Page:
Tuesday, December 29, 2009

Try This Drink on New Year’s Eve!

New Year’s Eve is a great occasion for drinking, among other things. Part of the tradition is that we celebrate with champagne.

Now, most of us have had champagne like every New Year’s Eve since we were 16, and it can be getting a little old for some of us. Here is a drink to try this New Year’s that is new (new to most) and delicious (delicious to all), but is still festive because it’s main ingredient is champagne.

Here’s how to make a Kir Royale:
Fill a champagne flute 3/4 of the way up.

Then add 1/2 oz crème de cassis. Instead of the crème de cassis, I recommend Chambord because it is the nicest product, especially if you have nice champagne.

This is not part of the recipe, but you can also drop a cherry or raspberries in it.

If you are at a bar, just order it by name- hopefully you won’t have to instruct the bartender on how to make this drink. If you do, make him read my blog.

The drink turns out a bubbly pinkish reddish color. People will be fascinated with your pretty drink and ask you what it is- this will give you an opportunity to look smart. I know this description makes it sound girly, but, well, ok, it kind of is. So if you are a man and you want to drink a Kir Royale (I recommend it, they are awesome), just make sure you even it out by drinking some whiskey neat at some point in the night also. Game on.

One warning- be careful about how many you drink. It has lots of sugar and will hang you over good.


The Kir Royale is my drink of the weekend (in line with New Year’s Eve this week). Follow me on Twitter to get updates on the drink of the weekend every weekend!


Monday, December 28, 2009

Talkin Bout Bourbon!

Bourbon is one of my favorite things from Kentucky.

Before I started working behind the bar, I hated bourbon. I thought it was more or less sweet whiskey (which I also hated) that tastes like smoke. However, as a little time passed by, I began to really enjoy it.

How did that happen you ask?
At my current bar, we have about 10 different bourbons. I basically ignored them, except when a guest asked for one. People get really excited about their favorite bourbons and scotches and stuff, so as they are drinking them, they invited me to try out their drink. Of course I obliged and started getting a taste for them sooner than later.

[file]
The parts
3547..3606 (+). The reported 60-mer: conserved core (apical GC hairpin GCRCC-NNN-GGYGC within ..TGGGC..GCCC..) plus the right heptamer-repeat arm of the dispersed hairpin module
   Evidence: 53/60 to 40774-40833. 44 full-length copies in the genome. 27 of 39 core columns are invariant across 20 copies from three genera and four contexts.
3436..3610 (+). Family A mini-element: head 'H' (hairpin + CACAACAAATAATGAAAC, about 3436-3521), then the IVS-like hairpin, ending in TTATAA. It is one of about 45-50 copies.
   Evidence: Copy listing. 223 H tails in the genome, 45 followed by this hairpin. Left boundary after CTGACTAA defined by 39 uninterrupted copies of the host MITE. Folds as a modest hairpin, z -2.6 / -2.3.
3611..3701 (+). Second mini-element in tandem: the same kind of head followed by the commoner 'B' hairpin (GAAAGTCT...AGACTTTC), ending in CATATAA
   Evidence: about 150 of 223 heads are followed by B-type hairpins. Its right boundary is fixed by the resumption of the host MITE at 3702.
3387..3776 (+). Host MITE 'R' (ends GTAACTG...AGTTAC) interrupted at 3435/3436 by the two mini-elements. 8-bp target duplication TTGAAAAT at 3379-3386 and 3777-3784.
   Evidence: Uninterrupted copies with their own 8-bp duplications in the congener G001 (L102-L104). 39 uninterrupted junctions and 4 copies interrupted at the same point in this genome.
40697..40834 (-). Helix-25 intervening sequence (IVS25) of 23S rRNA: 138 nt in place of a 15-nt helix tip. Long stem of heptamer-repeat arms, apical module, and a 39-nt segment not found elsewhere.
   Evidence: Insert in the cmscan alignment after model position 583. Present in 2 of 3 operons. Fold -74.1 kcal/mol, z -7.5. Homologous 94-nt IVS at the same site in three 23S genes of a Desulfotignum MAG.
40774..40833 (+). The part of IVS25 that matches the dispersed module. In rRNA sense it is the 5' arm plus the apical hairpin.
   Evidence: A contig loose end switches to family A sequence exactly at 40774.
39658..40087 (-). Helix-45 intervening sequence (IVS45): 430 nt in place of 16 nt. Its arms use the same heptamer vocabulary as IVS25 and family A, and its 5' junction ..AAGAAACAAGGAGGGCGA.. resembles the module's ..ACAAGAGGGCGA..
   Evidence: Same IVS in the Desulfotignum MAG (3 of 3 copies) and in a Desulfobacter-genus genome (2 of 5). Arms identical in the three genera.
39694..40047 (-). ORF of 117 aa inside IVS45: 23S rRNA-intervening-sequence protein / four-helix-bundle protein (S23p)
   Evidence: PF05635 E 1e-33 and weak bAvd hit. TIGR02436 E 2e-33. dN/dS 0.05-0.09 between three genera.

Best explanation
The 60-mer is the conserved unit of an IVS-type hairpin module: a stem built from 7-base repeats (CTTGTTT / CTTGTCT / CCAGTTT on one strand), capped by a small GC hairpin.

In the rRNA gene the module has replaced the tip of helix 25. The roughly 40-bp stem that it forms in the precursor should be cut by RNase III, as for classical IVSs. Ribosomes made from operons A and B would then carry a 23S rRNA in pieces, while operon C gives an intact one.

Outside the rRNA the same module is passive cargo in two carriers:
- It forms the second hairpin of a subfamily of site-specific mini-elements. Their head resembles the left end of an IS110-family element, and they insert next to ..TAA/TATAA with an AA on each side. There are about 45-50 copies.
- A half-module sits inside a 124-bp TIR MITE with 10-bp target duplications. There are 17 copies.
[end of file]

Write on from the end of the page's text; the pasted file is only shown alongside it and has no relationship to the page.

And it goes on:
What is bourbon?
Bourbon is American whiskey made from fermented corn. It has to be between 40% (80 proof) and 80% (160 proof) alcohol. It is aged in charred oak barrels, giving it a distinct taste. Another defining characteristic (and my favorite) is that it has to be made in Bourbon County, Kentucky to be technically considered bourbon. Now, there is even debate about whether this is a defining characteristic of bourbon, but I love all the debate that it stirs up. There is also a lot of debate whether Jack Daniel’s is bourbon. The product is very similar, but it is made a few miles away in Tennessee.

Fun thing to do:
Next time you are in a bar, ask the bartenders if Jack is bourbon or not and see what happens- it’s always interesting because we take sides on this much resembling how people act when you ask them about political parties or religious beliefs. The best is if you ask this and there are two bartenders who disagree :)

To learn more about bourbon, check out the article on Wikipedia.

My two favorite bourbons are Maker’s Mark and Woodford Reserve. Maker’s is cheaper and more common in bars, while Woodford is higher end and a little more expensive.

How do you drink it?
There are a few cocktails that call for bourbon, including Manhattans (also can be make with rye whiskey) and an old fashioned. I highly recommend trying them if you haven’t- they are both great. I like my bourbon on the rocks, especially if it’s a good one. More hardcore people enjoy it neat (no ice).

Next time you are at a bar, give bourbon a shot (haha- great pun and I didn’t even mean to!) Let it grow on you because it’s pretty delicious!


Thursday, December 24, 2009

How the Screwdriver Got It’s Name

A mix of orange juice and vodka makes a screwdriver. It’s an easy to make and delicious drink. High school and college kids love it because most of their parents have vodka in the liquor cabinet, and then there is OJ, apple juice or milk in the fridge. Easy choice. For many, (like me!) it was the first thing they got drunk on.

Usually, by the time we are actually legally allowed to drink, we’re sick of screwdrivers but talking about them bring back lots of great nostalgia…

Speaking of nostalgia, what's the story behind the name "screwdriver?"